Himalayan Journal vol.50
The Himalayan Journal
Vol.50

Publication year:
1994

Editor:
Harish Kapadia
Index
  1. TO LIVE AND LEARN
    (W. H. MURRAY)
  2. AFTER NANDA DEVI
    (PETER LLOYD)
  3. Article 3 EDITING THE AMERICAN ALPINE JOURNAL
    (H. ADAMS CARTER)
  4. Article 4 EDITING THE ALPINE JOURNAL
    (JOHANNA MERZ)
  5. RECOLLECTIONS OF A FORMER EDITOR
    (TREVOR BRAHAM)
  6. THE JOURNEY OF THE JOURNAL Editing the Himalayan Journal
    (HARISH KAPADIA)
  7. Article 7 THE HIMALAYA THROUGH THE JOURNAL
    (M. H. CONTRACTOR)
  8. A LIGHTER LOOK AT DARK MEANINGS Reading between the Journal's Lines
    (WILLIAM McKAY AITKEN)
  9. HIMALAYAN JOURNAL: VOL. III (1931)
    (AAMIR ALI)
  10. RETURN TO EVEREST 1953-1993
    (GEORGE C. BAND)
  11. TENZING NORGAY 1914-1986 AND THE SHERPA TEAM*
    (CHARLES WYUE)
  12. THE FIRST ASCENT OF NAMCHA BARWA THE HIGHEST UNCLIMBED PEAK IN THE WORLD
    (HIROMI OHTSUKA)
  13. Article 13 TRAVELS IN THE ARUISACHAL HIMALAYA Western Arunachal Himalaya
    (P. M. DAS)
  14. Article 14 ROUND KANGCHENJUNGA
    (DORJEE LHATOO)
  15. MULTINATIONAL ARMY NILKANTH EXPEDITION, 1993
    (Lt. Col. H. S. CHAUHAN)
  16. CROSS-ROADS IN SPITI Exploring Western Spiti Valleys
    (HARISH KAPADIA)
  17. Article 17 BACK TO RUPSHU
    (ROMESH D. BHATTACHARJI)
  18. Article 18 CERRO KISHTWAR
    (MICK FOWLER)
  19. Article 19 SUMMER ON THE SAVAGE MOUNTAIN
    (ROGER PAYNE)
  20. Article 20 BRITISH TIEN SHAN EXPEDITION, 1993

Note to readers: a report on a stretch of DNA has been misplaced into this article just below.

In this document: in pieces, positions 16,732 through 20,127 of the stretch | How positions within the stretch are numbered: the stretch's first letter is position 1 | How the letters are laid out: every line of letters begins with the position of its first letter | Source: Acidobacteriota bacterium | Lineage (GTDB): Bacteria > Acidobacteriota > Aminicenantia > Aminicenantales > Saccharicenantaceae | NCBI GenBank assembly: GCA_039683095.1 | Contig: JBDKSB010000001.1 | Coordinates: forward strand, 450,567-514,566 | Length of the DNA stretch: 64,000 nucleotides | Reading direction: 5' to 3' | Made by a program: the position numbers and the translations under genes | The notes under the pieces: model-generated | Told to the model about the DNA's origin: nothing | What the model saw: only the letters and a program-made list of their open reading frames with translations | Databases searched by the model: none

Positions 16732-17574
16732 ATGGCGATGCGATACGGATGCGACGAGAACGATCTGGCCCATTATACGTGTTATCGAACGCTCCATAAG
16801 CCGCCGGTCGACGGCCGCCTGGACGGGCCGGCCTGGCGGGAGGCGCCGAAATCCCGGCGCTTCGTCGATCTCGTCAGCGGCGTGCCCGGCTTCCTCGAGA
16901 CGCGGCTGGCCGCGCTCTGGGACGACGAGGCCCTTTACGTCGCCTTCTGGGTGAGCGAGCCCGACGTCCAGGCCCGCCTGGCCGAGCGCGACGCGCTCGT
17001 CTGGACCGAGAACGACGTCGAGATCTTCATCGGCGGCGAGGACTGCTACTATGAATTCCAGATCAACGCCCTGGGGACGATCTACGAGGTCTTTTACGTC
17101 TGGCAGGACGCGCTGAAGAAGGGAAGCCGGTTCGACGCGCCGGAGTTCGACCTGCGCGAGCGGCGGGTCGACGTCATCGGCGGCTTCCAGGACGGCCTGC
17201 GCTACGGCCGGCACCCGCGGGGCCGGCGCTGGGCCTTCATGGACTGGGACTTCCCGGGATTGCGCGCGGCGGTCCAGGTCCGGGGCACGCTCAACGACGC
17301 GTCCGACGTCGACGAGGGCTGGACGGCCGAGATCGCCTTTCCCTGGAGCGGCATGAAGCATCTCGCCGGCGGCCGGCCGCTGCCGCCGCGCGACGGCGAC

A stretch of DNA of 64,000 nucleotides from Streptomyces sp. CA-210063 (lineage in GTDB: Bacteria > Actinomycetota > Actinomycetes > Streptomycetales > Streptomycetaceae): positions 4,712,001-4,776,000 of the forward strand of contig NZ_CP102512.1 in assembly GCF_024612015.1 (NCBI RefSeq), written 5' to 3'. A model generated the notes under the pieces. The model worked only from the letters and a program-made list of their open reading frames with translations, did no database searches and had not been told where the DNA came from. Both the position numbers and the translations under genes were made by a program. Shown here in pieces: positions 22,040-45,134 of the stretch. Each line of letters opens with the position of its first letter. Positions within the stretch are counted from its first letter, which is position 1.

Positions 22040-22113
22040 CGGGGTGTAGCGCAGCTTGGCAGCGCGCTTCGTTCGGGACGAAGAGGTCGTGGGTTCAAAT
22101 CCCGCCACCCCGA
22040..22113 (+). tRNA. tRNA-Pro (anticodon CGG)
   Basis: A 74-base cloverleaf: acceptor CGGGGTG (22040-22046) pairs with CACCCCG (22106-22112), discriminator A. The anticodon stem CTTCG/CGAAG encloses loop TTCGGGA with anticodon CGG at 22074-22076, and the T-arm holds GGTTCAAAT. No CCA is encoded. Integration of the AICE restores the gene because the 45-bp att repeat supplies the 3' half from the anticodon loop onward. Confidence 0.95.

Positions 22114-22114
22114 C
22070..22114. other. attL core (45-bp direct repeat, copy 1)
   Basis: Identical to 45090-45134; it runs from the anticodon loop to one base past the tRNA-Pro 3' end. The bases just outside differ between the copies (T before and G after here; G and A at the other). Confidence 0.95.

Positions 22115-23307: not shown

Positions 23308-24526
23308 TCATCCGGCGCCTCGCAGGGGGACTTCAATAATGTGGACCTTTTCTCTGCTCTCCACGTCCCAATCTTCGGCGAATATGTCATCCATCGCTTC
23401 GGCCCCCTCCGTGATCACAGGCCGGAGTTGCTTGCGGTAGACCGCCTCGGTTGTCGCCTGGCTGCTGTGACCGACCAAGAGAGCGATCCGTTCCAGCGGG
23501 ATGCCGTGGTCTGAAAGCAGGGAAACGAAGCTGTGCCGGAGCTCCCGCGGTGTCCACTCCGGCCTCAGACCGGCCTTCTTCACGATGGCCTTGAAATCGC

(DAVE WILKINSON)
  21. EXPEDITIONS AND NOTES 1 BRITISH MASAGANG EXPEDITION
    (JULIAN FREEMAN-ATTWOOD)
  22. EXPEDITIONS AND NOTES 2 INDO-JAPANESE PATHIBARA EXPEDITION, 1993
    (YOSHIO OGATA)
  23. EXPEDITIONS AND NOTES 3 INDO-UKRAINE KANGCHENJUNGA EXPEDITION, 1993
    (P. BODHANE AND V. SIVIRIDENKO)
  24. EXPEDITIONS AND NOTES 4 THE IRISH EVEREST EXPEDITION, 1993
    (DAWSON STELFOX)
  25. EXPEDITIONS AND NOTES 5 BRITISH PERI HIMAL EXPEDITION, 1992
    (PETER HUDD)
  26. EXPEDITIONS AND NOTES 6 INDO-US ARMY EXPEDITION TO MANA
    (Lt. Col. H. S. CHAUHAN)
  27. EXPEDITIONS AND NOTES 7 MERU SHARK'S FIN British Mem Expedition to East Face, 1993
    (PAUL PRITCHARD)
  28. EXPEDITIONS AND NOTES 8 SARASWATI PEAK
    (REIKO TERASAWA Translated by Eri Kusuda)
  29. EXPEDITIONS AND NOTES 9 ON SWARGAROHIM I
    (AKE NILSSON)
  30. EXPEDITIONS AND NOTES 10 WHAT DID YOU DO IN SORANG VALLEY?
    (HARISH KAPADIA)
  31. EXPEDITIONS AND NOTES 11 PIN VALLEY NATIONAL PARK AND ITS WILDLIFE
    (YASH VEER BHATNAGAR)
  32. EXPEDITIONS AND NOTES 12 LAYUL PASS, 1985 Barashigri Glacier Expedition
    (SHAMSHER SINGH)
  33. EXPEDITIONS AND NOTES 13 ON BARA SHIGRI
    (CHRIS CHEESEMAN)
  34. EXPEDITIONS AND NOTES 14 CLIMBING IN LITTLE TIBET
    (DAVID I. MACGREGOR)
  35. EXPEDITIONS AND NOTES 15 MAMOSTONG KANGRI II, 1993
    (GUNTHER STEINMAIR)
  36. EXPEDITIONS AND NOTES 16 AQ TASH Indo-Japanese expedition
    (HUKAM SINGH)
  37. EXPEDITIONS AND NOTES FANTASTIC MOUNTAIN, THE OGRE
    (CARLOS P. BUHLER)
  38. EXPEDITIONS AND NOTES NANGA PARBAT EXPEDITIONS, 1992 AND 1993
    (DOUG SCOTT)
  39. EXPEDITIONS AND NOTES TWO NEW ROUTES ON FALAKSER AND MANKIAL Climbing in the Eastern Hindu Rush (Upper Swat
    (HERMANN WARTH)
  40. BOOK REVIEWS
  41. IN MEMORIAM SIR JACK LONGLAND (1905-1993)
    (SIR JACK LONGLAND)
  42. CORRESPONDENCE
  43. CLUB PROCEEDINGS, 1993
  44. THE ALPINE JOURNAL, 1994

TO LIVE AND LEARN

W. H. MURRAY